The award is targeted at senior journalism students who are beginning the transition from the academic world to the workplace. While most other awards offered by the School of Journalism and Communication are based on academic achievements, this one will be based on a proposed project in social justice journalism. Applicants will submit a plan for how they will use the funding provided to produce a piece of journalism or a series. The submissions will then be evaluated by an award committee established by the School. The first round of applications is expected to open in early 2024.
When reached by The Leveller, Thompson stated that he was excited to see what topics students would submit projects on. He expressed satisfaction with the “uniformly positive” reception since the announcement of the award, attributing this positivity to Abu Akleh’s reputation as a “world calibre” journalist and to the framing of the award in the broad terms of social justice journalism. The projects produced through this award will “tell stories that are off the beaten track,” of those who “are involved in struggles that need attention,” according to Thompson.
The launch of the award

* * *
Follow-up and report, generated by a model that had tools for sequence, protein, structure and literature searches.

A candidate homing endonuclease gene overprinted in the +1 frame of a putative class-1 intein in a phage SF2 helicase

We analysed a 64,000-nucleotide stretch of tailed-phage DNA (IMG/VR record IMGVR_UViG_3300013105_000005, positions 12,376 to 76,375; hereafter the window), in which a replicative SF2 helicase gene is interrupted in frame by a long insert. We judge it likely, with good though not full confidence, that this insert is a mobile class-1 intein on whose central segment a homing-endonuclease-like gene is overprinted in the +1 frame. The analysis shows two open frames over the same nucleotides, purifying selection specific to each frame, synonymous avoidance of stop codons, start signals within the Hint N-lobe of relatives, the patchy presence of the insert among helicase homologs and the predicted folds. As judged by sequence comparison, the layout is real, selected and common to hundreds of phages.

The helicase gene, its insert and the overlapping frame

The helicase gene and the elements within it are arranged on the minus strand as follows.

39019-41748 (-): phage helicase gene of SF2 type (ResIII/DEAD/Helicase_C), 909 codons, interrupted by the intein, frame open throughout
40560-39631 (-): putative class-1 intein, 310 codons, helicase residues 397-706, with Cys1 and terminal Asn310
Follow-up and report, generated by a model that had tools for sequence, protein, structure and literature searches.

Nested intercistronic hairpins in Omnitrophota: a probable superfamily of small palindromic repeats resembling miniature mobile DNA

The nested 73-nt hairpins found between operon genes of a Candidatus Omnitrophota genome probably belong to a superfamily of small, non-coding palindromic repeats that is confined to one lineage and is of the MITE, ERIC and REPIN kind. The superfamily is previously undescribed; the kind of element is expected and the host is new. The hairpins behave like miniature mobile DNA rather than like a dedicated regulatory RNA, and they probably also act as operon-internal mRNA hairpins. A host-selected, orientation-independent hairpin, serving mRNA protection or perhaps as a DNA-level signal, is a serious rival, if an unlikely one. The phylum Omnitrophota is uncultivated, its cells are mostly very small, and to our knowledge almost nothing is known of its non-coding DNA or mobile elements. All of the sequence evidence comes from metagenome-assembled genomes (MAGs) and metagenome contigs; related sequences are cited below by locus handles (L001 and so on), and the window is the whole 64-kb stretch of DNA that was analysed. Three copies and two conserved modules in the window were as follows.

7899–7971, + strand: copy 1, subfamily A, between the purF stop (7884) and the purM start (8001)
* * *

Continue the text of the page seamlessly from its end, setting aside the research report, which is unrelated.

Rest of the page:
The ceremony launching the award took place at the Carleton Dominion-Chalmers Centre. Thompson introduced the award and paid tribute to the work of Abu Akleh. Ambassador Mona Abuamara, Chief Representative of the Palestinian General Delegation to Canada, also spoke and thanked Thompson for his work in setting up the award. Abu Akleh’s brother Tony, who travelled from Jerusalem for the event, expressed his hope that his sister’s legacy would live on through the work of the students who would receive the award.
The evening concluded with a concert by oud player Abdul-Wahab Kayyali and cellist Sheila Hannigan, including the first performance of a new composition by Kayyali in honour of Abu Akleh. A recording of the event is available on the website of the School of Journalism and Communication.
Thompson noted that the launch was one of the biggest events put on by the School of Journalism and Communication, with over 300 people in attendance, even though entry was not free.
Abu Akleh’s death
When she was killed, Abu Akleh was wearing a flak jacket and helmet clearly marked “Press.” The Israeli state initially denied involvement in Abu Akleh’s death, blaming it instead on Palestinian shooters. After the Palestinian Authority handed over the bullet that killed her to the U.S. for ballistic analysis, the U.S. Department of State issued a statement concluding that “gunfire from IDF positions was likely responsible for the death of Shireen Abu Akleh,” while denying that there was any evidence that the shooting was intentional. The Israeli state then admitted that the bullet that killed Abu Akleh was likely fired by an IDF sniper, but claimed that the shooting happened when the IDF responded to a “barrage” of gunfire from a Palestinian gunman near Abu Akleh.
“We and the viewers did not know that this news she sent would be the news of her martyrdom.”
The IDF then announced that “the source of the fire that led to the death of Ms. Abu Akleh could not be determined based on the available information” but that the “IDF investigation conclusively determined that no IDF soldier deliberately fired at Ms. Abu Akleh.”